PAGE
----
Does an employer’s failure to make a reasonable adjustment for a disabled employee during a dismissal process render the dismissal unfair?
In Knightly v Chelsea & Westminster Hospital NHS Trust, the EAT has held that the answer is no.
The EAT noted that there are different legal tests applicable when considering claims for unfair dismissal, a failure to make reasonable adjustment and discrimination arising from disability (as alleged in this case) and that the fact that an employer might fail on one of the claims does not mean that it will fail the others. The legal principles applicable to each claim should be applied to the facts separately.
In this case, the Claimant was dismissed following a capability procedure. She was denied an extension of time to appeal against the dismissal, which the tribunal held was a failure to make a reasonable adjustment, but the dismissal was fair overall under the Employment Rights Act 1996.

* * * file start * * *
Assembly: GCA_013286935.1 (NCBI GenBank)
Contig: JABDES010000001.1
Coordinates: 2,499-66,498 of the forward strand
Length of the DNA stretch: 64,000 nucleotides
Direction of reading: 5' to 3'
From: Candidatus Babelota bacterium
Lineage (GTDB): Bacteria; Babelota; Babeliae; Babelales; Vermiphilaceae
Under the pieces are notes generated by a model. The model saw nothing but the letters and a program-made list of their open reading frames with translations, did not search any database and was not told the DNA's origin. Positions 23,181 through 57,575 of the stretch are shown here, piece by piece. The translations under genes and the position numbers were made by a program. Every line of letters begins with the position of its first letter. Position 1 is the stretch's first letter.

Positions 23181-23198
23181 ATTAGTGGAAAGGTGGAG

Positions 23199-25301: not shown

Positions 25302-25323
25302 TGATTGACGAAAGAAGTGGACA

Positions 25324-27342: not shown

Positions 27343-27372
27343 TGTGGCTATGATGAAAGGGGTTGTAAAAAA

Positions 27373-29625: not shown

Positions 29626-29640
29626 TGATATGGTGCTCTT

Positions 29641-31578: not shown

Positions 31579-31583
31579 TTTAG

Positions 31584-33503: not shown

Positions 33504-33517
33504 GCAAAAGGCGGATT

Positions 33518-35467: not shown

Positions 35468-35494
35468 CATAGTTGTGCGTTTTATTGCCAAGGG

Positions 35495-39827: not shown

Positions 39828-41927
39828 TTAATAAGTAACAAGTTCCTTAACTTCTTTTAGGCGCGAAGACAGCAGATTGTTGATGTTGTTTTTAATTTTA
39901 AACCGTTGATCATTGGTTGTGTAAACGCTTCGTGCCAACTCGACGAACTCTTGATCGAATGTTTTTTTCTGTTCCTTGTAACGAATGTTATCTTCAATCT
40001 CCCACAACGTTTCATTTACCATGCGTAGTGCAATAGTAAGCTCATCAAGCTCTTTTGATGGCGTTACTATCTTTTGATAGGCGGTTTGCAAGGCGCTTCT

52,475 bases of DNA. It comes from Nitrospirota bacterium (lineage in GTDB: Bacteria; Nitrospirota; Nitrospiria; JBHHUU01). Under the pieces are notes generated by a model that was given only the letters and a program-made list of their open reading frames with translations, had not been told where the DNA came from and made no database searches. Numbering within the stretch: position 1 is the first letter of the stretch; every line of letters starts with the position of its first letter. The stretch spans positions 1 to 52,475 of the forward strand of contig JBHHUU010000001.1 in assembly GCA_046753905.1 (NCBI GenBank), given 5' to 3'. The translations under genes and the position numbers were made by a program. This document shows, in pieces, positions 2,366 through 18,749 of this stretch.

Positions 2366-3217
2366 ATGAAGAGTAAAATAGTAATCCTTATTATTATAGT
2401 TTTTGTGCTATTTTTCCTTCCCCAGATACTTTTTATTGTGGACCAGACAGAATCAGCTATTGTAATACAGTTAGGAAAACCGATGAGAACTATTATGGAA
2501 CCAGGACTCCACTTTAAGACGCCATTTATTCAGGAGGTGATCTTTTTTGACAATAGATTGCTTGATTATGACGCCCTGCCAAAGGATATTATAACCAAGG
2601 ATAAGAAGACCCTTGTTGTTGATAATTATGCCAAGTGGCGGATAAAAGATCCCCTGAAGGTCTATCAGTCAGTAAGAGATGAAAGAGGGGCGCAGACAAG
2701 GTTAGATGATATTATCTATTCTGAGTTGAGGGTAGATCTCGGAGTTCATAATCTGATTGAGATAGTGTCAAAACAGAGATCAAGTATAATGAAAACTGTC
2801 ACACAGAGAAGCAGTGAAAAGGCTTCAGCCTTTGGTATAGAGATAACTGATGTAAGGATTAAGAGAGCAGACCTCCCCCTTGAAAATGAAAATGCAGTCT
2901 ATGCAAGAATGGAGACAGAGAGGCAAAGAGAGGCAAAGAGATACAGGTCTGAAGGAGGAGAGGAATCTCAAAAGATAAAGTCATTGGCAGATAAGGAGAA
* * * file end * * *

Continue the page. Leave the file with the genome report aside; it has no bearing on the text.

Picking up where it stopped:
The Claimant appealed on several grounds including that the dismissal ought to have been held to be unfair given the failure to make a reasonable adjustment, and the lack of an effective appeal however the EAT, applying the principles set out above, held that the conclusion on the reasonable adjustment claim did not depend on, or reflect the merits of the case for the dismissal or the dismissal itself.
If you, or your business, require any advice on matters similar to those referred to above, please do not hesitate to contact our Employment Team on 020 8290 0440.
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